Children’s book historian Leonard S. Marcus had this to say about Galdone’s works: “Knowing that copies of his books were bound for use in preschool and elementary school classrooms and public libraries, he planned his illustrations with the child in the last row at story hour in mind.” I love learning the thinking behind books, particularly picture books, which are so often dismissed by grown-ups as easy to write. You can see his illustration style in this sample of The Little Red Hen.

There is a CAFE menu included with this mentor text, and I’ve highlighted these as suggestions:


  • Use prior knowledge to connect with text. This goes along with asking questions, below. Ask (or chart) what traditional stories students have heard or seen. This will help you gauge familiarity with patterns such as the rule of three, etc.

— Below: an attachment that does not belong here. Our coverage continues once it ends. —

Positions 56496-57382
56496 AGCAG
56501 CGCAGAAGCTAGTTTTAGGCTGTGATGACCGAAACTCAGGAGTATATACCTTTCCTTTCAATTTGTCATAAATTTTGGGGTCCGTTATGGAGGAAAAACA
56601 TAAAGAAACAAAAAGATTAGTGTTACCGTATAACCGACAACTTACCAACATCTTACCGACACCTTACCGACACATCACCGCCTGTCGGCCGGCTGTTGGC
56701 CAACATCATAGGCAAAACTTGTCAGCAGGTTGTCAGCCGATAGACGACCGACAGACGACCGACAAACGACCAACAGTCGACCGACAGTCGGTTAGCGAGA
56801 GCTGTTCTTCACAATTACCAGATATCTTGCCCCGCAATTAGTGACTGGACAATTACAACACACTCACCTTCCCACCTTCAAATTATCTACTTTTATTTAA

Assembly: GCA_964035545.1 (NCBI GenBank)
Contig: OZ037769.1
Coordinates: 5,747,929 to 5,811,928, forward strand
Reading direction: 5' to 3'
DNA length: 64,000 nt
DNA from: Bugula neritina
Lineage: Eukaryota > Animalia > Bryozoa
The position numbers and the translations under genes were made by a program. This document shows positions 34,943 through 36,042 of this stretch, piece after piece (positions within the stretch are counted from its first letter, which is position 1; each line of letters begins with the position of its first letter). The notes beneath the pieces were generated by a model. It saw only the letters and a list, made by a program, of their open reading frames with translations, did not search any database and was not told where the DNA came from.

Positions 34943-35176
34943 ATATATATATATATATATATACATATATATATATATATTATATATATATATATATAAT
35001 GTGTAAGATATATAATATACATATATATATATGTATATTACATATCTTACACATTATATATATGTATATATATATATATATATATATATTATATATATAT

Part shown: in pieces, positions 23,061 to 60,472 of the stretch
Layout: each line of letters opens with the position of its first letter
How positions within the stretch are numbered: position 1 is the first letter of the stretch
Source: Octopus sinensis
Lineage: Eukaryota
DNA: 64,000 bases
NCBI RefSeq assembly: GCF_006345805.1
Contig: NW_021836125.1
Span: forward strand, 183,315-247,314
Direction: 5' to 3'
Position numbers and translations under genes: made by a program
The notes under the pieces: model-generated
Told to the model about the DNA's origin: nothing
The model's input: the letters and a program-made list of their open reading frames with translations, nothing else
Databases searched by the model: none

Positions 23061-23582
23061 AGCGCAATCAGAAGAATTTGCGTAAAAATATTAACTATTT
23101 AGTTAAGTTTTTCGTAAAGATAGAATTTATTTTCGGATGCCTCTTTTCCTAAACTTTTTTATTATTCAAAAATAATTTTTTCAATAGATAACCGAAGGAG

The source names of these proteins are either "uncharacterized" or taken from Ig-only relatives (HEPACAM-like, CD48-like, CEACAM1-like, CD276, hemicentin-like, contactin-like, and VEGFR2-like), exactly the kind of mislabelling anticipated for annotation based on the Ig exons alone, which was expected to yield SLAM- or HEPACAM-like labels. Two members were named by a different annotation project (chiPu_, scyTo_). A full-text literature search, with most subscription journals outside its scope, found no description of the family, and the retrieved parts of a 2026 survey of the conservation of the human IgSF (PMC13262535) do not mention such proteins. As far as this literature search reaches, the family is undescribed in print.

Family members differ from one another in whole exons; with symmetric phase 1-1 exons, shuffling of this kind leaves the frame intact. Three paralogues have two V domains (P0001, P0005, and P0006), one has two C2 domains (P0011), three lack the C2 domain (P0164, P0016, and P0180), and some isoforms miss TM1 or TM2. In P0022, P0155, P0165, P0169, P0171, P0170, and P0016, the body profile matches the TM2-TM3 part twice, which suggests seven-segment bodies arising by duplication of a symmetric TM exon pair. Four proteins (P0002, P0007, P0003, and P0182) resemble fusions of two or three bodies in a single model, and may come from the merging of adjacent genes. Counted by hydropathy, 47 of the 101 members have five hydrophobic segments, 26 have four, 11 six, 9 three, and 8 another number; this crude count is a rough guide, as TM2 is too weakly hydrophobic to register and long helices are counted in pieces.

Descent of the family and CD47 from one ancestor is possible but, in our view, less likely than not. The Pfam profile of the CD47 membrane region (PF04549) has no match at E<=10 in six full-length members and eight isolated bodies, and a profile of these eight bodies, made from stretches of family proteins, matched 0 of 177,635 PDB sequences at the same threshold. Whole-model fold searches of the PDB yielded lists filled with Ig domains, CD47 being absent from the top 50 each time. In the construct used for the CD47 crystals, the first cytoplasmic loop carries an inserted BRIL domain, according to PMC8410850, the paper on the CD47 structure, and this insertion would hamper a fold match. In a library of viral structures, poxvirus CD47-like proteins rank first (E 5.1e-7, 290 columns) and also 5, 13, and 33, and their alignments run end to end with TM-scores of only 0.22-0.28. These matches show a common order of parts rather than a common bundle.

• Ask questions throughout the reading process. Before: What are some characteristics of traditional or enduring stories? During: What patterns do you notice in the structure of the story? Does it remind you of any other children’s stories? After: Why do you think the author says the troll was “as mean as he was ugy”? Do you often notice that the evil characters are ugly while the heroes are pretty or handsome? Why do you think many authors do this?


  • Use punctuation to enhance phrasing and prosody. For primary students, talk about the all-caps words and the different tones the billy goats and troll might use. This would be a great shared reading opportunity to start with, because everybody will probably wind up sounding pretty silly. For older students, you could contrast the all-caps approach of conveying mood with more modern books like Geronimo Stilton, which uses multicolored, crazily-shaped text. How does technology impact the way books are written, published, and ultimately interpreted? How do these interpretations change over time?
Speaking of different interpretations of the Three Billy Goats, this is a tremendous resource.